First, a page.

Re: When is an MP3 file like a lighthouse?

From: James Rogers (
Date: Mon Oct 29 2001 - 17:13:07 MST

On 10/29/01 2:47 PM, "Lee Daniel Crocker" <> wrote:
> Sampling is NOT "fair use"--just look at the long lists of permissions
> on rap albums. Yes, some excerpting is "fair use", but such use us
> very limited--only small excerpts, either for non-commercial use, or
> parody (even though even Weird Al has been sued many times) or a few
> other uses.

Where it gets fuzzy here is that you CAN sample individual notes and sounds
and use them as the basis for a sampled instrument and still have it
considered "fair use". The problem is that while sampling tiny bit of audio
such as a drum hit or horn stab for use in a completely different context is
legal, at some point a sound becomes sufficiently complex that it is
identifiable with the source and therefore no longer "fair use". The
problem is with the definition of "identifiable", which can be molded to
suit the aims of the individual or corporation. An audiophile can
semi-regularly identify the source of even mangled samples from some other
source that he is familiar with (being able to fingerprint the character of
a single note), whereas most people have a hard time identifying one note
samples. Record companies regularly argue that single note samples, even
with additional processing that obscures its origin pretty thoroughly, are
derivative works that violate their copyrights. Sometimes they win,
sometimes they lose, but what is allowed is by no means clear.

Interestingly, the manufacturers of sample based instruments don't care if
you sample their audio ROMs and sounds for your own commercial purposes.
Even though core sample libraries are considered extremely valuable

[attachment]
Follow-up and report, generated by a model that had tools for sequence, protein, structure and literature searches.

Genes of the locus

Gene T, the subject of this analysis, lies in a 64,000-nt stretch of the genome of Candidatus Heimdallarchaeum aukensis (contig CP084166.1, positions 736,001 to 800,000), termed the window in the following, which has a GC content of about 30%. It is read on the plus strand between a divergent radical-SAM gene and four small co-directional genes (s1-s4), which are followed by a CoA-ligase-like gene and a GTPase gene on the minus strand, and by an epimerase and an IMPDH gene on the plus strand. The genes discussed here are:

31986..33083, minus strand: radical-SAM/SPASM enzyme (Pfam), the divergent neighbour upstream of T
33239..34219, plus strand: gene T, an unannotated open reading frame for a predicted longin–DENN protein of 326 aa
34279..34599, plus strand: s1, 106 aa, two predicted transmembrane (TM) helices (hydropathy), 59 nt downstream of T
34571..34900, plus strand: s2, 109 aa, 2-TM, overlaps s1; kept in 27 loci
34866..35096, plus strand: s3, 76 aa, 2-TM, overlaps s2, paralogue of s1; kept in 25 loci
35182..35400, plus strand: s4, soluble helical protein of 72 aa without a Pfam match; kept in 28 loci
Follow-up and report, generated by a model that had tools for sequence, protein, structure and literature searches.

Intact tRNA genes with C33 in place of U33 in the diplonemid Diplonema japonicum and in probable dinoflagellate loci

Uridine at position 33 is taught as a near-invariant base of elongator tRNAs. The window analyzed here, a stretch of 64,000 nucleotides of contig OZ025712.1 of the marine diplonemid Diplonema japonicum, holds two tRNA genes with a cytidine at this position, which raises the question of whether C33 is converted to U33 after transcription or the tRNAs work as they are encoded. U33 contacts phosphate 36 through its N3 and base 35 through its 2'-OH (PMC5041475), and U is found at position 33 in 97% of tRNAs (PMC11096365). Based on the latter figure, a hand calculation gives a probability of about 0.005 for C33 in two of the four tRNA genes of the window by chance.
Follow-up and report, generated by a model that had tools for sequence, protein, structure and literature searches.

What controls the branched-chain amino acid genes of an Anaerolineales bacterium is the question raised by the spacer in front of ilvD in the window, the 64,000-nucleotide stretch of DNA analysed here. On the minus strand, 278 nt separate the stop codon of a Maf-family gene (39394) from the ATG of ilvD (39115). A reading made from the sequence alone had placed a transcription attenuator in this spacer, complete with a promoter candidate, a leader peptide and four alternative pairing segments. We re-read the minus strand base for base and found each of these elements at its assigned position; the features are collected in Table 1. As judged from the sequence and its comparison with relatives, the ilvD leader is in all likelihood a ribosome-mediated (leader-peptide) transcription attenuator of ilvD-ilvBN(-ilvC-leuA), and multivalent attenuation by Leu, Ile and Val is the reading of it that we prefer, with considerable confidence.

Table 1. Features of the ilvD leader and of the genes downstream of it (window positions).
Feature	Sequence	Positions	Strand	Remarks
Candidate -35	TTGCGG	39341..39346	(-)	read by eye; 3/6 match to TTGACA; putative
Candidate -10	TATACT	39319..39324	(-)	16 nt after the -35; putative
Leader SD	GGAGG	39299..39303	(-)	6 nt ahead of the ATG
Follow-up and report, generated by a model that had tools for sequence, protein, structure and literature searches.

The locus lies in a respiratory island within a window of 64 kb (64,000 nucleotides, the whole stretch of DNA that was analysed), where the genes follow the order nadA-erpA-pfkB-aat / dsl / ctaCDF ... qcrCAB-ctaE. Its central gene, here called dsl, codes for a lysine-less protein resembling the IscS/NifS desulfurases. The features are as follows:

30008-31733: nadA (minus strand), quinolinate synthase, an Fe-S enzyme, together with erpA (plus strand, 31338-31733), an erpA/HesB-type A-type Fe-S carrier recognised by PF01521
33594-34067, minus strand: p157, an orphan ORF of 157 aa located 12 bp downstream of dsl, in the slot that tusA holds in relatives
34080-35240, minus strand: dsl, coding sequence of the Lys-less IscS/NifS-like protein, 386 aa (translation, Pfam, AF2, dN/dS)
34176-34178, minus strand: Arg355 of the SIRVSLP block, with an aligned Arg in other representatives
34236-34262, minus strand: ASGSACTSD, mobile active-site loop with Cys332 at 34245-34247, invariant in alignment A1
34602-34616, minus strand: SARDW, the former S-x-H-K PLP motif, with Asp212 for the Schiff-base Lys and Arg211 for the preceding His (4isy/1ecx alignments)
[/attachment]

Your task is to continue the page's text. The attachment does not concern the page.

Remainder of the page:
property, they are really only valuable as a raw material for building a
sophisticated system. The logic behind this attitude is that any simple
usage of their sample libraries will give mediocre results compared to their
integrated systems, while producing any really competent copy of their
system would be far more expensive than just buying the real thing. In the
end, the net effect of instrument copying (which does happen) is free
advertising for the maker of the original instrument. People who like
samples of a particularly machine will frequently end up buying that machine
if the sounds have sufficient value to them. Otherwise, they may continue
to use a few samples they purchased from a third party, but they wouldn't
have bought that machine themselves anyway. I personally have bought
musical instruments based on an individual sample that I heard somewhere in
the sample library of someone who didn't find the instrument particularly
valuable. This is at least one example of an industry where very lax
enforcement of copyrights hasn't hurt anyone and arguably benefited a lot of


-James Rogers

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